The common practice for decades was for actors to report to a specified location to give their audition — often the casting director’s studio offices. More recently, even before the COVID pandemic, it’s become popular (and now necessary) for casting offices to request you tape your audition on your own and email it to the casting office. Here are 3 tips to conquer self-taping in the digital age:
1) Use Your Smartphone
Given this trend, a number of filming studios have cropped up where you can pay for your audition to be professionally filmed. However, you can save yourself a lot of money and easily do it yourself. You don’t need to invest in a lot of expensive equipment. You can film it on your smartphone. To start, choose a quiet, well-lit place. The sound must be as clean and audible as possible. Natural light is great. You may also use practical fixtures such as a household lamp, overhead light or even studio lamps, if you have purchased some. Position the light source so it does not cast shadows on your face. The face must be well lit and look natural. This is not the time for dramatic theatrical lighting. Wear a solid color that brings out your natural coloring. If your shirt or sweater has a pattern, make sure it is not so busy that it distracts from your acting. Steady the camera in one position. You may use a stool, table or tripod, if desired, or ask a friend or family member to be your camera operator. The angle should be straight on from the chest up. If you need to show hands, make the angle slightly wider but not more than waist high. If your camera operator is someone you trust artistically, his or her opinion may be helpful in giving you an adjustment here or there. A cautionary note, though: You are the actor; no one knows you better than yourself. Listen to your inner knowingness to guide you to your very best performance. Remember when you slate your name to do so in a friendly, open manner. It should be natural and easy, like your performance. Always rehearse your audition as if it were your most important role to date (because it may well be true!), and rehearse your piece as much as humanly possible before filming or performing for a sea of stone-faced people in a studio. Check with the agent or casting office to find out if memorization is required. Remember: the audition is about your acting, not about dramatic camera movement, histrionic staging or even how well you can memorize. Above all, make sure your delivery of the material is as natural as if you were having a real conversation.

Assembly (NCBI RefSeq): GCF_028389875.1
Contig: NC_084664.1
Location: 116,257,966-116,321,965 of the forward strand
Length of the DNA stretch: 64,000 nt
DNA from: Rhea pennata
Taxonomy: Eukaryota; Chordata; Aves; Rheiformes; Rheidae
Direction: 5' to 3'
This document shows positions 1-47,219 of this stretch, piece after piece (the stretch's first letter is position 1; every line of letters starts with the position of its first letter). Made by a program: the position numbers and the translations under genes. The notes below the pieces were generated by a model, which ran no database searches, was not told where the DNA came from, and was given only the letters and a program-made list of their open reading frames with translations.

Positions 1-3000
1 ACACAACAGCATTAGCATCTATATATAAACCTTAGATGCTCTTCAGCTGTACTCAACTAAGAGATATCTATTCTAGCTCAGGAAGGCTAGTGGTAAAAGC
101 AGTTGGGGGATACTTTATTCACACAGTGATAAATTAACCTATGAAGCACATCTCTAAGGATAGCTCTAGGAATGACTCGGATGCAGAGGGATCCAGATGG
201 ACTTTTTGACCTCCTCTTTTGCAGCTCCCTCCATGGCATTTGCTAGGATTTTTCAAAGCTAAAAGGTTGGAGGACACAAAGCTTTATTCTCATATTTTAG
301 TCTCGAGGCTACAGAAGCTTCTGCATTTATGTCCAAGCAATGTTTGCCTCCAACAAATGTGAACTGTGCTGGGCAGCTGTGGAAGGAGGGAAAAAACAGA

2) Create Your Own Personal Teleprompter
Typically for in-person auditions, it’s best to memorize the sides; but when taping, you can have your pages for a calm reference or two. If you find you’re really under the gun, ask a second friend to assist by operating a laptop off camera as your very own personal teleprompter. But even if you haven’t completely memorized the material, you still must know and be thoroughly familiar with the material. It is not good to have your eyes drop too many times down to the page and lose connection with your star-making audience. Most actors loosen up after one or two camera rehearsals so doing several takes is fine. Use what you deem to be the very best version to send to the casting director.
3) Seize the Opportunity
And finally, remember even if you don’t book this role, it’s an incredible opportunity to hone your on-camera auditioning skills. And who knows, even if the director is looking for a different type from yourself, the casting director may be so impressed with your work that they call you in for upcoming projects. This is your chance to get on their radar. One good audition can lead to another. And, sometimes, you book the role, which is soooo exciting!
Have fun filming your auditions. With each one, you will learn how best to find grace and authority within the camera’s all-seeing eye.